Barbara Scully headed to Laois for the ‘farmers’ festival’ and concluded that New York is easier to negotiate
I COULD NOT find my car. My feet were sore. I was panicking. It was as crowded as Grafton Street at 5pm on Christmas Eve. I headed towards the portaloos that shimmered tantalisingly in the middle distance, because I remembered there were loos near where I parked.
But as I neared, I realised that these were not my loos. I was close to tears.
The place was huge... what if I had to wait till everyone else had gone home and my car was the only one left?
What seemed like days earlier, but was only hours, I had watched President Michael D Higgins, who was wearing a fetching, tweedy-green suit, as he opened the National Ploughing Championships. He said ‘The Ploughing’ was a phenomenon. “Suffice to say,” he said “your education is incomplete until you’ve been here”.
That’s what had tempted me out of my comfort zone, in suburbia, for a day with my country cousins in the depths of Co Laois. Michael D knows of what he speaks. The ‘Ploughing’ is like nothing I have ever experienced.
The scale is mind-blowing. Like a rustic, temporary Dubai, Plough Town (it’s way bigger than a village) springs forth every autumn from rural fields.
This year, the venue was Ratheniska near Stradbally, on the farmland of the Carter family and their adjoining landowners. Overhead, hovering like globular, celestial guardians, floated mini blimps, presumably as aerial navigation aids.
Navigation was a huge issue throughout the day for this directionless scribe. Before I arrived at the site, I had studied the map to get some bearings. But I couldn’t make head nor tail of it. During the day, I attempted, again, to understand the unique grid system.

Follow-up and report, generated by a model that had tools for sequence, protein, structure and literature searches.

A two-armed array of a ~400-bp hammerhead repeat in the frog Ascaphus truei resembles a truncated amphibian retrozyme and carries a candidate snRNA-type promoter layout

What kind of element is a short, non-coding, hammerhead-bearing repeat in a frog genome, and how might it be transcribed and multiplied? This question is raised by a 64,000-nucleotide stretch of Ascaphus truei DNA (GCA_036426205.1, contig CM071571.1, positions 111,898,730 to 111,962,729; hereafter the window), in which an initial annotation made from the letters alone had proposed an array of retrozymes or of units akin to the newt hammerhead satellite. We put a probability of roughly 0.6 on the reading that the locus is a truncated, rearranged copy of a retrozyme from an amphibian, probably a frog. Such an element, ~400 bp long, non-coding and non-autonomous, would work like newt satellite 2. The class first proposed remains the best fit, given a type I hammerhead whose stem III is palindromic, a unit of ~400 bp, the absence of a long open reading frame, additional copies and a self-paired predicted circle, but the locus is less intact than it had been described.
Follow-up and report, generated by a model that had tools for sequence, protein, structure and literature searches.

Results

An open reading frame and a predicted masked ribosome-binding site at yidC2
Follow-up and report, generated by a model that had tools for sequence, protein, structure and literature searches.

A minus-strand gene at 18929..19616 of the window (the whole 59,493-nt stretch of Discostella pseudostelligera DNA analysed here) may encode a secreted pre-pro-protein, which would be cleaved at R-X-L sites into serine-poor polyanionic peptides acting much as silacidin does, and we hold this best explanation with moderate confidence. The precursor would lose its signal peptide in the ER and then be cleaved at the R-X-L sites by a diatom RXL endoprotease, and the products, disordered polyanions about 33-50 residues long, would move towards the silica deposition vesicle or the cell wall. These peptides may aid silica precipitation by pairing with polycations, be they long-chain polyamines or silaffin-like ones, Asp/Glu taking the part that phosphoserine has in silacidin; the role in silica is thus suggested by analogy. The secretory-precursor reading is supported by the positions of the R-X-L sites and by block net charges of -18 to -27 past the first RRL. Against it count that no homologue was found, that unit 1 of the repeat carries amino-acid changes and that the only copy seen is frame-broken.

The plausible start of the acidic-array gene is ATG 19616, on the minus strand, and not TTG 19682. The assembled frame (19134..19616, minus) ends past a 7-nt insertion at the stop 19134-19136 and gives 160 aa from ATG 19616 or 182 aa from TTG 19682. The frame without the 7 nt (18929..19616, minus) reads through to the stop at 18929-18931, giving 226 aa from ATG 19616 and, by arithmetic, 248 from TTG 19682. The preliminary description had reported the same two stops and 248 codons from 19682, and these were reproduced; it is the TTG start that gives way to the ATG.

It must be something only farmers understand. Suffice to say, I can negotiate the grid that is New York City easier than I could the Ploughing Championships.
The event had the air of an old-fashioned funfair-cum-village fete, albeit on a gigantic scale. There were ‘test your strength’ and welly-throwing competitions. There was an Irish Countrywomen’s tent full of baking, knitted goods and, when I visited, a flower-arranging demo. And, of course, there were the political-party tents, full of what I assume are the ‘grass roots’ of each organisation, topped with a layer of local politicians.
A stroll through the tent that showcased artisan produce was an assault on the senses, with the scent of essential oil candles followed by the mouth-watering aroma of handcrafted sausages. Our artisans make lots of ice cream and chutneys, too.
I met monks and nuns in full regalia, vicars and rectors. The Catholic diocese of Kildare and Leighlin had an impressive tent that floated peacefully, amid the commerce of modern agriculture, like an oasis in the desert. I was tempted to go in for a rest at one stage, but my belief in karma prevented me from pretending I was praying.
There were children everywhere — city kids should know that their country cousins seem to get special dispensation from school to attend ‘the Ploughing’.
I was stopped by a mother, who asked me if she might borrow my pen.
As I handed it over, she wrote a mobile number on her toddler child, who was sitting in the buggy. I wondered about the ethics of a mother using her child’s arm for this purpose, when she had two arms of her own.
She sensed my unease. “In case he wanders,” she said. One can learn things at ‘the Ploughing’.
Gangs of older teenagers roam about in highly charged groups of excitement. There was a queue of them around the Road Safety Authority Stand, which allowed people to sit in a car as it was rolled through 360 degrees. I wondered if the safety message was lost on them. “Was that scary or just great craic?” I asked the four girls who had just exited the ‘ride’. “That was scary,” they answered in unison. Mission accomplished, it seems.
I did find my car... eventually. I’m a little ashamed to admit that I didn’t make the pilgrimage to the outer reaches of the event, to see a field actually being ploughed. I guess I just might have to go back again, next year. I definitely need to work on my fitness beforehand, though. And make a note of where I park the car.
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